• [0108]
    Rib templates also are generated at step 506. Like vascular structures, rib structures may be a dominant anatomic feature in a tomosynthesis image, and nodules may be attached to ribs. Thus, a rib template generated based on a blurring model may be used to identify rib structures.
  • [0109]
    Constructing vessel and rib templates may be performed in a manner similar to the nodule template construction at step 502. For example, the blurring model used at step 506 (e.g., a Gaussian-weighted intensity contribution) may be the same as the blurring model used at step 502. The shape and size of a vessel (or rib) model may be determined by anatomic and/or empirical knowledge. For example, a vessel model may be cylindrical, while a rib model may be cuboidal.
  • [0110]
    FIG. 7A shows a cylindrical vessel model 702, and FIG. 7B shows an example construct of the resulting blurred vessel template. The blurred vessel template of FIG. 7B may be generated in a manner similar to the blurred nodule template of FIG. 6C.
  • [0111]
    At step 508, the blurred vessel templates are convolved at each image pixel within a volume of interest (VOI) of each candidate nodule. That is, each blurred vessel template is compared to image elements (e.g., anatomic structures) in the actual tomosynthesis images. The maximum convolution output among all of the vessel templates is chosen as the output value at each pixel. The convolution thus generates a ridge map. An example ridge map is shown in FIG. 7C. In general, a high intensity indicates that a pixel likely corresponds to a vessel, while a low intensity indicates that a pixel likely does not.
  • [0112]
    An orientation map also is generated at step 508. The orientation map is the orientation corresponding to vessel template of the maximum convolution output. Vascular structures typically generate a strong ridge magnitude. Accordingly, the strongest ridge values in the local vicinity (e.g., the VOI) correspond to vascular structures at the focal plane of each tomosynthesis slice. An example orientation map is shown in FIG. 7D. In general, the intensity at each pixel is correlated with one template of the templates convolved at each pixel.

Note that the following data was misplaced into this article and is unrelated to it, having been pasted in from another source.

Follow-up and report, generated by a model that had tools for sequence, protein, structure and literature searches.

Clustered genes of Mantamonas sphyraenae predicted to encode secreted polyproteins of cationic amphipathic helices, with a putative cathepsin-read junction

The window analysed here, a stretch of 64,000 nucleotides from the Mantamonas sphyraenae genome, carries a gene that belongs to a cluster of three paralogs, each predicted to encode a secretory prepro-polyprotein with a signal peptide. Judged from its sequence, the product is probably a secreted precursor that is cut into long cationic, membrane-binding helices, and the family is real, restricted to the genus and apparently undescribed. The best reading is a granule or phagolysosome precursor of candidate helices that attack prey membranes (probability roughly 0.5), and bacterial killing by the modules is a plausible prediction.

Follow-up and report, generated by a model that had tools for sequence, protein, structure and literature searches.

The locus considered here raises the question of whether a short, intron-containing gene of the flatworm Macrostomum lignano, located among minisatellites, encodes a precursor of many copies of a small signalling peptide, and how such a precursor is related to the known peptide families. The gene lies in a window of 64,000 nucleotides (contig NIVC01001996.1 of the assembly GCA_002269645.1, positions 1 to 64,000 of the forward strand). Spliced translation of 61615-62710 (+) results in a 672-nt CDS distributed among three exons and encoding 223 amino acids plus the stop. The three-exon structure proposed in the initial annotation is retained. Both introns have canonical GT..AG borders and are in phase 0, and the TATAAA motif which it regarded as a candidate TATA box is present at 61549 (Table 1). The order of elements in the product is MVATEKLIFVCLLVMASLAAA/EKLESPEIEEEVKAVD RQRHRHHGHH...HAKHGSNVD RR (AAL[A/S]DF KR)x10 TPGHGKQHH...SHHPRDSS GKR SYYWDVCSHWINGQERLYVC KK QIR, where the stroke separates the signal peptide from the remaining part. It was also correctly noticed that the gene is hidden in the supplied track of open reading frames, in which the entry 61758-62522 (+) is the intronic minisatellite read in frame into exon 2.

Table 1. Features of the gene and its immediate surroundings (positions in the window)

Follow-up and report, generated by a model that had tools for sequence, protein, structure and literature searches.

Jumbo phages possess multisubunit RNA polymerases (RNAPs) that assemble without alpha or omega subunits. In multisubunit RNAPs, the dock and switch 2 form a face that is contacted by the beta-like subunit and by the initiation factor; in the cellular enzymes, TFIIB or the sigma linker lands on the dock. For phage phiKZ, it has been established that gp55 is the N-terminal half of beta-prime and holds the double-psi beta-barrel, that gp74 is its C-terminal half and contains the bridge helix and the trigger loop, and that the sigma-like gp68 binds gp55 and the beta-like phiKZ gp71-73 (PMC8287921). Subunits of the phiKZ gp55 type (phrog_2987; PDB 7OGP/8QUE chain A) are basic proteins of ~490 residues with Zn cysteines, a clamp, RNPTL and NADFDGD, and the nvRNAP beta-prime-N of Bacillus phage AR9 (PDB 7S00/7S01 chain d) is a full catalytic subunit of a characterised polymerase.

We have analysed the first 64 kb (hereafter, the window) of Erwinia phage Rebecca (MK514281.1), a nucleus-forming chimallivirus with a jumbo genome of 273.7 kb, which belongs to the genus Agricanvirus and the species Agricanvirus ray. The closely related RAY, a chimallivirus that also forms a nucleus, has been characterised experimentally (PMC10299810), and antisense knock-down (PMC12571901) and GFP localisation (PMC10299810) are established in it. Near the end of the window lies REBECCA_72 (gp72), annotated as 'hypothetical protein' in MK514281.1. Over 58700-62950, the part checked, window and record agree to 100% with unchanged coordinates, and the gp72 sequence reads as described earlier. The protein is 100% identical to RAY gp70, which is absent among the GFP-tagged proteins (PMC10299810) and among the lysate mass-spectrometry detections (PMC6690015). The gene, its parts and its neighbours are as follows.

• [0113]
    At step 510, a search in the slice direction (e.g., along the z-axis) is performed. This search determines the slice having the strongest ridge (e.g., the slice which produces the strongest output in vessel template matching) in a vicinity of a nodule candidate. Thus, the search at step 510 determines which slice corresponds to the slice in which the vessel is located. In other words, the search determines the dominant spatial orientation of the ridge.
  • [0114]
    Step 512 determines whether nodule candidates are attached to a vascular structure based on a proximity measurement. The proximity measurement may determine, for example, how close a nodule is to a ridge line of the ridge map generated at step 508. In general, a ridge line is comprised of points of high intensity on the ridge map, and thus the ridge lines coincide with the centers of vessels. Thus, one example proximity measurement is a Euclidean distance between the location of a nodule candidate and a ridge line. A nodule candidate may be determined to be attached to a vascular structure where, for example, the proximity of the candidate is below a predetermined threshold.
  • [0115]
    At step 514, intensity profiles orthogonal to the dominant spatial orientations of the ridges are computed for nodules determined to be attached to a vascular structure. The computation is made at the focal plane of the nodules (e.g., the central slice of a nodule). FIG. 7E shows an illustration of a central slice of a nodule 708 that includes the dominant spatial orientation of a vessel 708. FIG. 7F shows five intensity profiles 710 of the nodule 708 and the vessel 706.
  • [0116]
    At step 516, a width is estimated for each intensity profile computed a step 514. The width is based on a segmentation performed on the intensity profile. The segmentation may be based on a threshold such as, for example, a threshold that is a fixed percentage of the maximum intensity of the nodule candidate. From the segmented nodule, changes in widths along the direction of the ridge lines are analyzed. For a nodule candidate connected to a vascular structure, such widths may correspond to a pattern of increase and/or decrease in value along a ridge line. This pattern is quantified and analyzed automatically in order to remove false positive candidates at step 518. As one example, the quantification may include calculation of statistics pertaining to width changes (e.g., maximum width, minimum width, mean width, and standard deviation). These statistics may be compared by the analysis, for example, to empirically-determined ranges, minimum values, and/or maximum values.
  • [0117]
    Similarly, rib structures obtained during lung segmentation, as discussed in connection with FIGS. 3J through 3L, may be used at step 520 to distinguish nodule candidates attached to ribs from rib structures. Step 520 may incorporate procedures similar to those performed at steps 508 to 518 but using rib templates.